Relocalization of copper in plants

An age-related relocalization of cellular copper, as it is reported in this study to occur during ageing of P. anserina was previously also reported to occur during leave senescence in higher plants [72]. Transcript levels of the post-Golgi Cu-transporter RAN1, a homologue of yeast CCC2, human WD and MNK [72], and of the Cu-chaperone CCH1, the homologue of ATX1 in yeast, delivering copper to CCC2 [73] were found to be increased in senescent leaves. The same was demonstrated for the genes coding for the ‘vegetative storage protein’ VSP2 [74] and several metallothionein (MT) isoforms [75]. The changes in transcript levels were suggested to result in the effective recycling of copper during leave senescence. According to this idea, copper is released to the cytoplasm after degradation of copper-containing proteins in the chloroplasts leading to the observed changes in the transcript levels of components of the copper homeostasis machinery [72]. The mobilized copper is subsequently transported into other plant organs where it is stored until needed for the development of new leaves in the next vegetation period.

The data from P. anserina presented here and in previous studies (e.g., [2], [5]) raise the question of whether chloroplasts are the only source of copper released to the cytoplasm during leave senescence. The recent demonstration of an unexpected high amount of freely accessible, non-proteinaceous copper within the mitochondrial matrix of S. cerevisiae and mice [8], [9], [76], [77] makes it very likely that mitochondria also serve as a copper reservoir in plants.

Mitochondria as a cellular copper reservoir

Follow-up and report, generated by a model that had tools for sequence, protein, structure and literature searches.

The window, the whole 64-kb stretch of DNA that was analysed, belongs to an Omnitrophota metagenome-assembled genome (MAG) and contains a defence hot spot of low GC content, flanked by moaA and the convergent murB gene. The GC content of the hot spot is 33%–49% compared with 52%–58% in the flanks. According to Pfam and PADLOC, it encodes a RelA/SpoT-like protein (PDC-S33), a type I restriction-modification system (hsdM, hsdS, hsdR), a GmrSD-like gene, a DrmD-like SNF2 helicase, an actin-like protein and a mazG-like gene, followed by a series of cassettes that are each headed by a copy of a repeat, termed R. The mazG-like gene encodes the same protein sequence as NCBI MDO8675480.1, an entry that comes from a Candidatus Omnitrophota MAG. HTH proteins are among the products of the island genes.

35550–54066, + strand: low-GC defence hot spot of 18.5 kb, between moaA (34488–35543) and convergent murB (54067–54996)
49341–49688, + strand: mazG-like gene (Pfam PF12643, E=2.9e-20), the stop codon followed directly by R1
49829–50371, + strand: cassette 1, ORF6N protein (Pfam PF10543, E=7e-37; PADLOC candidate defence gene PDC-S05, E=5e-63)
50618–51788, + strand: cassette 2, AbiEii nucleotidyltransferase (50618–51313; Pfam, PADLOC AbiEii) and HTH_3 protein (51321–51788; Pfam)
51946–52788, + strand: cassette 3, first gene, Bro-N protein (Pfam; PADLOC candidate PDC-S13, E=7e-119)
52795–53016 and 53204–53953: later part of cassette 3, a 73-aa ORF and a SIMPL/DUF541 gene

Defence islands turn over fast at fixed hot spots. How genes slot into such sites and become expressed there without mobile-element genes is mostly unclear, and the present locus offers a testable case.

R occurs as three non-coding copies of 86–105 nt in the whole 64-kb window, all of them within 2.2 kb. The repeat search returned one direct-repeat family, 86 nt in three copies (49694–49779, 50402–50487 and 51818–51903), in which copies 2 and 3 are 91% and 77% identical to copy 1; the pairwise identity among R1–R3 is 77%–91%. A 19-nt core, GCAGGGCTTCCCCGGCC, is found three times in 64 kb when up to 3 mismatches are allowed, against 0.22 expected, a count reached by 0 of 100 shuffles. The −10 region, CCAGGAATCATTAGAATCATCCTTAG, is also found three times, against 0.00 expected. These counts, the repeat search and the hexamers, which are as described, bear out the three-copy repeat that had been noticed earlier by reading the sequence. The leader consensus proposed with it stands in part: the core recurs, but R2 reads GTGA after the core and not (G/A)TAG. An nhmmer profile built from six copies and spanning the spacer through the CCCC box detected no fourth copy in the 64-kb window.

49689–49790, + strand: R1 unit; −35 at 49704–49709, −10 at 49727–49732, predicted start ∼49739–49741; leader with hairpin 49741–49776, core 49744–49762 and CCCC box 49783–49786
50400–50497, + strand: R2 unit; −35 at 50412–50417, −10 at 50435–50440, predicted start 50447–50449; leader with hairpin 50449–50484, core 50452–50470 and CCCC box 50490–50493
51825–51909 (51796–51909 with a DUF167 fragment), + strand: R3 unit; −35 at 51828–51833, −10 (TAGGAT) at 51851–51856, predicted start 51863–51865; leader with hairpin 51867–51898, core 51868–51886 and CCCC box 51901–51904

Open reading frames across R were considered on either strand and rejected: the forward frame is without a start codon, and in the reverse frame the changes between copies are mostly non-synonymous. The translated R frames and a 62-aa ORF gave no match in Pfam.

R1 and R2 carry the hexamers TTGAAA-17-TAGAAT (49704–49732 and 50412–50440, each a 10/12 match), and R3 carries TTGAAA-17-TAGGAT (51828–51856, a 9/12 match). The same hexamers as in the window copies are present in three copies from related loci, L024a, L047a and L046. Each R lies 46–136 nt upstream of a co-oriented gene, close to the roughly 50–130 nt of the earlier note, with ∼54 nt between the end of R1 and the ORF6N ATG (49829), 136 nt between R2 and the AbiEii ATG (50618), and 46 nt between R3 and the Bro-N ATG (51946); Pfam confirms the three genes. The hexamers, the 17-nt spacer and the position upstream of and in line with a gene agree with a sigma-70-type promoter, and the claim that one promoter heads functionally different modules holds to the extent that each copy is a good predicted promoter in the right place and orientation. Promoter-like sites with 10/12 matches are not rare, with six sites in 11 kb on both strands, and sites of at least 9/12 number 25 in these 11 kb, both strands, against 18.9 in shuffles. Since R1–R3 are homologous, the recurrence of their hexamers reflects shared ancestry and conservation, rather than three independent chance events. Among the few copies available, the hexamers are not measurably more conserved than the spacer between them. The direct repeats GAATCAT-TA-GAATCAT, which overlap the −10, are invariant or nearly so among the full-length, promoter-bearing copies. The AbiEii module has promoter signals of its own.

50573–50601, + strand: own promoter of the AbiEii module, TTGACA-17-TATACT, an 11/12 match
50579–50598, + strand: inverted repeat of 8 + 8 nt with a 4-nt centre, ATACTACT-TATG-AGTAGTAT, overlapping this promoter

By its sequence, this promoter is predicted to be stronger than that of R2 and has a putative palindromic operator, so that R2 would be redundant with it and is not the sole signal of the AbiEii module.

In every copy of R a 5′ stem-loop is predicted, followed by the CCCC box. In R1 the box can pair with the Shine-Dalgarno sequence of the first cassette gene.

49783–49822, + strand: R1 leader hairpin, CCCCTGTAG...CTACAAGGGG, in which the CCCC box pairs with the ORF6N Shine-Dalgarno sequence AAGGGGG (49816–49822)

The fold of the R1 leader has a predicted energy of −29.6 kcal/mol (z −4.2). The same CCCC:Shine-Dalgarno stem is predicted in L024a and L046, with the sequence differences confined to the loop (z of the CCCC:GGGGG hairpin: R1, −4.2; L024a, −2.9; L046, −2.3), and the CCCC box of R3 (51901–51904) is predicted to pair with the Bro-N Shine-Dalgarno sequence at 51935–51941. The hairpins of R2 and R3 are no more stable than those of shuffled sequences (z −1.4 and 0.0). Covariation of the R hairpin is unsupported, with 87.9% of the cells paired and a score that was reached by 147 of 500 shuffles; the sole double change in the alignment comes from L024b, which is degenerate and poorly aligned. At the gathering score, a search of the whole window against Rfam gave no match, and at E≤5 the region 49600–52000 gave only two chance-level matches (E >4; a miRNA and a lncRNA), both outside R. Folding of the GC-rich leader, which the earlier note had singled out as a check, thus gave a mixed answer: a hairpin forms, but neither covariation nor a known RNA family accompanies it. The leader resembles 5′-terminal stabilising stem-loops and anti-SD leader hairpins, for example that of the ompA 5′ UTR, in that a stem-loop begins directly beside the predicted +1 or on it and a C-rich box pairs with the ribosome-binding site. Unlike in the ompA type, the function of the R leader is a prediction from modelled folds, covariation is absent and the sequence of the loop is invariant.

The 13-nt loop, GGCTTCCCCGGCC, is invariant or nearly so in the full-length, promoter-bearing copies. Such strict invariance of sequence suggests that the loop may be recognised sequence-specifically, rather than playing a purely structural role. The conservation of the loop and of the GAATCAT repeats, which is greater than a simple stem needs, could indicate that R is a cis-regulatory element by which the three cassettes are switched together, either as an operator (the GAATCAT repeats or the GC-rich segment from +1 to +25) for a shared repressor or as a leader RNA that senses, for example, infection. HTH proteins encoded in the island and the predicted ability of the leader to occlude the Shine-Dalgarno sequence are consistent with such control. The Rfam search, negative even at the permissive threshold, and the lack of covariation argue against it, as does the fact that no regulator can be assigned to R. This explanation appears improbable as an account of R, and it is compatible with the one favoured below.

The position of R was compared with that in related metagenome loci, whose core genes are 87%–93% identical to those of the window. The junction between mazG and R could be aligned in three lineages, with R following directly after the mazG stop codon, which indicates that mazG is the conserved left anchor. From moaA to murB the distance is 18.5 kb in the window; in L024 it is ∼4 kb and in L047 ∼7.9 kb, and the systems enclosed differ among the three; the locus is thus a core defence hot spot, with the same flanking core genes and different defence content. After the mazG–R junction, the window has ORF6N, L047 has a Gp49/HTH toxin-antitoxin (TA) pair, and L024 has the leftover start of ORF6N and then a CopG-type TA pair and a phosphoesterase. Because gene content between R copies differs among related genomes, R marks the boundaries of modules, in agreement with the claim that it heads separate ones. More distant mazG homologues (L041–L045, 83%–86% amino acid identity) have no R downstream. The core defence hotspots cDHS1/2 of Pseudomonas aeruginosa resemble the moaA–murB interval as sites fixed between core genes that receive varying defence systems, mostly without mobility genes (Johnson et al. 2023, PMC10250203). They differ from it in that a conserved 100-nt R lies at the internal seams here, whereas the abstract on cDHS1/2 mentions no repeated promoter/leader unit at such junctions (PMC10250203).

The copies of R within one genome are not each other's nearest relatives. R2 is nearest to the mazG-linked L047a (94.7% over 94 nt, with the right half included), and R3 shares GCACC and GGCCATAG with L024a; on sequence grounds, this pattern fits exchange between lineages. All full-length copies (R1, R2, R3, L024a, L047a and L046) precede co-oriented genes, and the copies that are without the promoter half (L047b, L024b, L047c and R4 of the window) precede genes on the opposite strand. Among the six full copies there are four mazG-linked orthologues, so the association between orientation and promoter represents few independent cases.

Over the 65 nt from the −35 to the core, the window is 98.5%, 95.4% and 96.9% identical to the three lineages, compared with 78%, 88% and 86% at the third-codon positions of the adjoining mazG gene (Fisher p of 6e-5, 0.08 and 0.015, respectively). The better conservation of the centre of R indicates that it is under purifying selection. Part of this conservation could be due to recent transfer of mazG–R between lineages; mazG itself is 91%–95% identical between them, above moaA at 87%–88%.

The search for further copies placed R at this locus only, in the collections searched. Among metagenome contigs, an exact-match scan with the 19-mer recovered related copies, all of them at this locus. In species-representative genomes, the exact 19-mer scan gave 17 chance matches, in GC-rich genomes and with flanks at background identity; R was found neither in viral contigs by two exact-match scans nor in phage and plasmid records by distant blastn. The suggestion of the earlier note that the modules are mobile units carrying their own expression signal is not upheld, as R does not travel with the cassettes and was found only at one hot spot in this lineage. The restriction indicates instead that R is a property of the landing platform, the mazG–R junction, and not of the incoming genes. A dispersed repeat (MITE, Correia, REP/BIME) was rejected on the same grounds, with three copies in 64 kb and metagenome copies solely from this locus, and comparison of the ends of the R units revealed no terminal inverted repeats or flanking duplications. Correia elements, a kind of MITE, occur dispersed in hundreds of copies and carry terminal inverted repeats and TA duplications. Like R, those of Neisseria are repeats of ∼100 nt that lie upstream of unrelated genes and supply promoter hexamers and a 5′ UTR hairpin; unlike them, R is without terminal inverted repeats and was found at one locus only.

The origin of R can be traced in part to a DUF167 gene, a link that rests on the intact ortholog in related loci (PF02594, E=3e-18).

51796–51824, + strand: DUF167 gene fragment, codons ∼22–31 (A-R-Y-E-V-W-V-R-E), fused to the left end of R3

In this study we provide data suggesting that the normal function of the mitochondrial matrix reservoir of copper is to serve as source for copper incorporation into COX during the assembly of this respiratory complex. In agreement with data obtained from S. cerevisiae [9] this conclusion is drawn from the observation that the metallothionein PaMT1 directed into the mitochondrial matrix competes with COX for copper and leads to a reduction of the amount of copper available for incorporation into subunits I and II of COX. In transformants containing PaMT1 in the mitochondrial matrix, COX activity was found to be reduced by ~30% and a concomitant induction of the iron-dependent AOX was observed. In yeast, such an effect was only found in a mutant strain in which cellular copper is depleted due to deletion of the high affinity copper transporter CTR1 [9]. The targeting of PaMT1 into the mitochondrial matrix of P. anserina was found to lead to a doubling of the lifespan which partially can be attributed to a reduced generation of ROS in mitochondria respiring via the alternative pathway [6]. However, this reduced generation of ROS as toxic compounds may not be the only reason for the pronounced effect on lifespan. Here it is noteworthy to mention that the copper-depletion mutant grisea in which ~80% of the electrons in the electron transport chain flow via the AOX [6] displays an increase in lifespan of only ~60% [1], [2] in comparison to about 100% of the newly constructed transformants described in this paper. This difference may result from the tight binding of matrix copper to PaMT1 and a reduced level of accessible copper (e.g. bound to a ligand) that may serve as a signal after release into the cytoplasm for the induction of cell death. If this holds true, the time between opening of the mPTP (see above) and cell death may be prolonged in the matrix-PaMT1 mutants. Future experiments will investigate this possibility.